“It’s my opinion that Rob Stokes would not want to be the person who saw the extinction of the koala in NSW – which is going to happen by 2050 unless he protects all the land with viable colonies in NSW.''  Mr Illingsworth stated. 

Mr Illingsworth was particularly concerned about a chlamydia-free colony at Campbelltown, in south-west Sydney, which is threatened by the NSW government’s plans associated with development of the new Western Sydney Airport. 

John Illingsworth - photo supplied

Greens environmental activist Pru Wawn said that the recent bushfires have pushed koala populations to the brink, with 80 per cent of their habitat destroyed in some areas. 

“We lost our last few koalas in Pittwater some years ago after traffic and introduced species like dogs hastened their demise,” Ms Wawn said yesterday.

“Once again, urban growth and logging in regional areas is threatening this treasured species.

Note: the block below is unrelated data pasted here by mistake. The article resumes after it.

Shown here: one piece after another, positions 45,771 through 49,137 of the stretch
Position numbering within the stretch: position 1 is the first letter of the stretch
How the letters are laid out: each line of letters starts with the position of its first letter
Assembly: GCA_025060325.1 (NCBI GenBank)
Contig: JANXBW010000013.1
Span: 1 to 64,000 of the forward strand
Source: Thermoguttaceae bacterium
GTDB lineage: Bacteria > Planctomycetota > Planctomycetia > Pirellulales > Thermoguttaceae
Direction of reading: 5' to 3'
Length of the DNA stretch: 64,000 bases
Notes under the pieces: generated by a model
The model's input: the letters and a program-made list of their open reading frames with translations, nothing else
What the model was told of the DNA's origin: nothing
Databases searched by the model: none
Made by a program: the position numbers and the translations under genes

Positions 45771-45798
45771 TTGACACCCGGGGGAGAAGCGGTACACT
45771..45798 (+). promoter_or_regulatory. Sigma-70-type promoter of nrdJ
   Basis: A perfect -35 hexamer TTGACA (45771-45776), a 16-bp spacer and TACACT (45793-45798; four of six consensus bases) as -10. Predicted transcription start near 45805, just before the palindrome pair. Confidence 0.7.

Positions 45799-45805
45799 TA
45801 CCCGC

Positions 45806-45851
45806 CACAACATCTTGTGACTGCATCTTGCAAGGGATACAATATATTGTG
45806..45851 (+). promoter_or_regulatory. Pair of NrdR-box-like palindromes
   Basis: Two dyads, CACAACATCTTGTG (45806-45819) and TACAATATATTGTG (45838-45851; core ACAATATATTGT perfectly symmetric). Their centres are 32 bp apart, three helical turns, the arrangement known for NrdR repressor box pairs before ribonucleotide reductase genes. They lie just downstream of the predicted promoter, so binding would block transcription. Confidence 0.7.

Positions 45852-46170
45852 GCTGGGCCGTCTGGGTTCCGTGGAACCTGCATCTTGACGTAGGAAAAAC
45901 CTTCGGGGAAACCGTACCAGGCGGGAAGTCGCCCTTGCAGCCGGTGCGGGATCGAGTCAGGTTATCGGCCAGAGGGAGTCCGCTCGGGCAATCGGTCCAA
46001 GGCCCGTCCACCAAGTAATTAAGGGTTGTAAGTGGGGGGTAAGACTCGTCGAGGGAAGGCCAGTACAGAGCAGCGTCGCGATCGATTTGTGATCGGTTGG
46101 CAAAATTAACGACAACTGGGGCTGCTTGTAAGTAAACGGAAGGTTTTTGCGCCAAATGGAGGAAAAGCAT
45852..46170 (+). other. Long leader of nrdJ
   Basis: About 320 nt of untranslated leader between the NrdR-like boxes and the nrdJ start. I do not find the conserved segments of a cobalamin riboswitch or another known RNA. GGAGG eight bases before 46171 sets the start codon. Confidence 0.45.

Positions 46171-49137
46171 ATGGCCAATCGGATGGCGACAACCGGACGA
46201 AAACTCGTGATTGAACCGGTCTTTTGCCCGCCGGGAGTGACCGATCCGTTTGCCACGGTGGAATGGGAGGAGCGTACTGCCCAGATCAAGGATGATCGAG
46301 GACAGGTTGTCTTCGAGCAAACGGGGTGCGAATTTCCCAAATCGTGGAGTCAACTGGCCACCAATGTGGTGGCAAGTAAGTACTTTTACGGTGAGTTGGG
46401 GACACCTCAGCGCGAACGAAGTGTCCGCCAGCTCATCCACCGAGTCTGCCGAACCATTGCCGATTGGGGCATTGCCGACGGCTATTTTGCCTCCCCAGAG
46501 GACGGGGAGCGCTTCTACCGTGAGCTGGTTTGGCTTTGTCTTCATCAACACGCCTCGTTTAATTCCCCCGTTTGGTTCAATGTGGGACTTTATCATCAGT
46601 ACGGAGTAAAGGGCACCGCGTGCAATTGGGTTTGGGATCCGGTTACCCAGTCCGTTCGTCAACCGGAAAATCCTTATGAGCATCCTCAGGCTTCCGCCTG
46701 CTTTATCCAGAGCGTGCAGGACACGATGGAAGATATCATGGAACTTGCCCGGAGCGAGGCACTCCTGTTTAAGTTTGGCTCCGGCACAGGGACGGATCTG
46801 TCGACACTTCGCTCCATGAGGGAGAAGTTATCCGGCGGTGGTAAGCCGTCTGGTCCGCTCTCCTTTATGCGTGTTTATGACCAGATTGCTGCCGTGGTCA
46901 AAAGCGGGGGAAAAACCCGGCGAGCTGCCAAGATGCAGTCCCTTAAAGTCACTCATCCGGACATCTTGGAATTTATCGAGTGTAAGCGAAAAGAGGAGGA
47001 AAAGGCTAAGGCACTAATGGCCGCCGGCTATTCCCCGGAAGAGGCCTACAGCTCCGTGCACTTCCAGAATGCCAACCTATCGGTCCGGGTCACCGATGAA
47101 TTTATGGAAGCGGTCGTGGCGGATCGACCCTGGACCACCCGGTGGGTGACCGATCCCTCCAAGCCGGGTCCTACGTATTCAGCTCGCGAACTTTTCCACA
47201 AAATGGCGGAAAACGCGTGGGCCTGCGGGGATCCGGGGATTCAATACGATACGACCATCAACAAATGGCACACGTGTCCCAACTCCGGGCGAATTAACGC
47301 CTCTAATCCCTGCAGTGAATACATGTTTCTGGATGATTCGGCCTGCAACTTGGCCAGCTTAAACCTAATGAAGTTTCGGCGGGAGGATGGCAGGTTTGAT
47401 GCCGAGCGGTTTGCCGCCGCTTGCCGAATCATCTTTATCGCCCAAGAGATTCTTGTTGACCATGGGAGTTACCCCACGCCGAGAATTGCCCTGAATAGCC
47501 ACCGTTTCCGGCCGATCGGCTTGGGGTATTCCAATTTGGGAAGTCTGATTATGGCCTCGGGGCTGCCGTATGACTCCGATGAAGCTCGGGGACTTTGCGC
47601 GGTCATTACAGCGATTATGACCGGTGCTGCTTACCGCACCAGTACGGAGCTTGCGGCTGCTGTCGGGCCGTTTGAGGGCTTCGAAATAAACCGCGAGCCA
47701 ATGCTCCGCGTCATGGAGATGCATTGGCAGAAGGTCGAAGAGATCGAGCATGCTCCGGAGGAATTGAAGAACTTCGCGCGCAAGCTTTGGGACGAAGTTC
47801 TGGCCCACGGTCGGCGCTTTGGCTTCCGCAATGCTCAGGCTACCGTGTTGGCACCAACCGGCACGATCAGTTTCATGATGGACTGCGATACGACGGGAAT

“Unless some serious measures are put in place like wildlife corridors and a designated NSW koala park, by 2050 they will be lost forever.”

Koala survival is a poignant issue for many in Pittwater, where long-time residents can remember the marsupials living in their gardens. 

However, a 1970 survey discovered the population had declined to 123 animals and only about six were recorded in 1989. The last known sighting was in Avalon in 2006. 

Ecologists say their demise was due to increasing development fragmenting their habitat and forcing them to face dangers on the ground - such as cars and dogs – while they moved between trees.  

The release of an 8 years old female back into Angophora Reserve after she had been bombarded by magpies. Taronga Zoo picked her up and nursed her back to health before the release on November 5th, 1989. Doug Bladen and Marita Macrae are in the background representing the Avalon Preservation Trust (now APA). Photo by Geoff Searl OAM